Soda Tax or Grocery Tax? Oakland's Measure HH and SF's Prop V

Arguments for and against Oakland's Measure HH and SF's Prop V

Voters in Oakland, San Francisco and Albany will consider a tax on sugary sodas to prevent diabetes and obesity. 

The arguments for and against the tax boil down to whether the tax that soda distributors must pay will be passed on to consumers or not. 

Health experts say the penny-per-ounce tax would curb consumption of sweetened cola, sports drinks and canned teas that are full of empty calories.

Opponents, led by the American Beverage Association, call it a "grocery tax," and argue that it will lead to higher prices on other goods, which will hurt small businesses and customers struggling to survive in one of the country's most expensive places.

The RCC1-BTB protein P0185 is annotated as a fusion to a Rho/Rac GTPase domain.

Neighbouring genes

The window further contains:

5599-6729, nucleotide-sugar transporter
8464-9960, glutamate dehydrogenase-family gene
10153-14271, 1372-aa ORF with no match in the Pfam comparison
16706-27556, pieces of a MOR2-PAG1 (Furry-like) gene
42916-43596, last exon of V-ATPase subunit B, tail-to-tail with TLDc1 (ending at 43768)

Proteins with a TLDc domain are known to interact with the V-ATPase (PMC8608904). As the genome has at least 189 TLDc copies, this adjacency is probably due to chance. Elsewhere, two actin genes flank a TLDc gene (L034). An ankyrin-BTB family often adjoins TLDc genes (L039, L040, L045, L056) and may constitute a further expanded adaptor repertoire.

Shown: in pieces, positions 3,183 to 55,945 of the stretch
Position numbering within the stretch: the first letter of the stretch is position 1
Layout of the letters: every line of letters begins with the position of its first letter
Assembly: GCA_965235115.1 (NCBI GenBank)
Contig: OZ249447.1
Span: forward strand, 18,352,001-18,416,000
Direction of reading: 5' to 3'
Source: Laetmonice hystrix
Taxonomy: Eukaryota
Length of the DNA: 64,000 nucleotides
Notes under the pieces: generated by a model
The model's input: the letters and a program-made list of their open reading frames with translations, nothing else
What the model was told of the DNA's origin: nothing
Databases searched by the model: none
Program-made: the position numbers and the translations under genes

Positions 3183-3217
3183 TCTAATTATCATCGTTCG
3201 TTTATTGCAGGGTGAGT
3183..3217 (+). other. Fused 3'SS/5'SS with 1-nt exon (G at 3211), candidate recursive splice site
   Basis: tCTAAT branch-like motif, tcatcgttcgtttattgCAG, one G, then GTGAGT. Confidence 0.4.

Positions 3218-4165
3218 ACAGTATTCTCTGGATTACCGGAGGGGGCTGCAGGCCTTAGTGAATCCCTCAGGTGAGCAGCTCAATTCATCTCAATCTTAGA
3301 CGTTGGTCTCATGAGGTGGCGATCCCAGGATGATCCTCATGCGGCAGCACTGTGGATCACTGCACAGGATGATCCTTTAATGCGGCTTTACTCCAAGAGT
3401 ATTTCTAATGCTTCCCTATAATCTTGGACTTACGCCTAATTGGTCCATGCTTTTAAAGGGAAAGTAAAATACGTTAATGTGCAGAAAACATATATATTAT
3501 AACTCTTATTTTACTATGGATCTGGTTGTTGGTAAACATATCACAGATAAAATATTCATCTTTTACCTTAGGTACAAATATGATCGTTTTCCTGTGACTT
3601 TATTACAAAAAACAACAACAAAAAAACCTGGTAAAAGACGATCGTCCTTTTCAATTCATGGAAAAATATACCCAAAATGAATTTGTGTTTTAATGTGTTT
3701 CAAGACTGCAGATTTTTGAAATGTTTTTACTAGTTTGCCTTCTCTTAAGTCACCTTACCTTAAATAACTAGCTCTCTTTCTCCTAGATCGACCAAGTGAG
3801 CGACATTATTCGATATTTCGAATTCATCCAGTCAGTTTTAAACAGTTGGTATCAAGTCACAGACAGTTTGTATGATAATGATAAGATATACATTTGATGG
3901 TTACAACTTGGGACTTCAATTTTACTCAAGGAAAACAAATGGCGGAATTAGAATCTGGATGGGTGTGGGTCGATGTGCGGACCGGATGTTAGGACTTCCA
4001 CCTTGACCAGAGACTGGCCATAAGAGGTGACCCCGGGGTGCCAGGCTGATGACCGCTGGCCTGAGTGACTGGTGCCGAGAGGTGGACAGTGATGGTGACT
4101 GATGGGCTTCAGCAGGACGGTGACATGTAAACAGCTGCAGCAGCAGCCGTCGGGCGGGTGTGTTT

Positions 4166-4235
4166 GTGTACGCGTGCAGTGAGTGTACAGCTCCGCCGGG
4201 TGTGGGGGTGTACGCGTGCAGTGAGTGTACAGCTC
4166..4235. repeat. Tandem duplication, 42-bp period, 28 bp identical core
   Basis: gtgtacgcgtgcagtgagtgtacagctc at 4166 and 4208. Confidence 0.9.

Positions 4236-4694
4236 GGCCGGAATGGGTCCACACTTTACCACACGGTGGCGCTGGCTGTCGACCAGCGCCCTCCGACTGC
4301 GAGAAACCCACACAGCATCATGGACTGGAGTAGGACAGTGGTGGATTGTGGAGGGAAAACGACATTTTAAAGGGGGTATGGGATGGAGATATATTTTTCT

The tax is on distributors and is not paid by customers who buy the drinks.

Tax proponents have fought back with their own ads showing young children at a playground lugging backpacks full of heavy bricks up and down the slide.

The measures' backers clarified that voters would be approving a small tax on soda — not on everything else at the store — that will improve the health of children and families.

Both sides are courting low-income and minority voters, who tend to drink more sweetened beverages.

The American Heart Association recommends children consume less than six teaspoons of added sugar a day. A 12-ounce can of regular Coca-Cola contains nearly 10 teaspoons of sugar and 140 calories.

Contact Us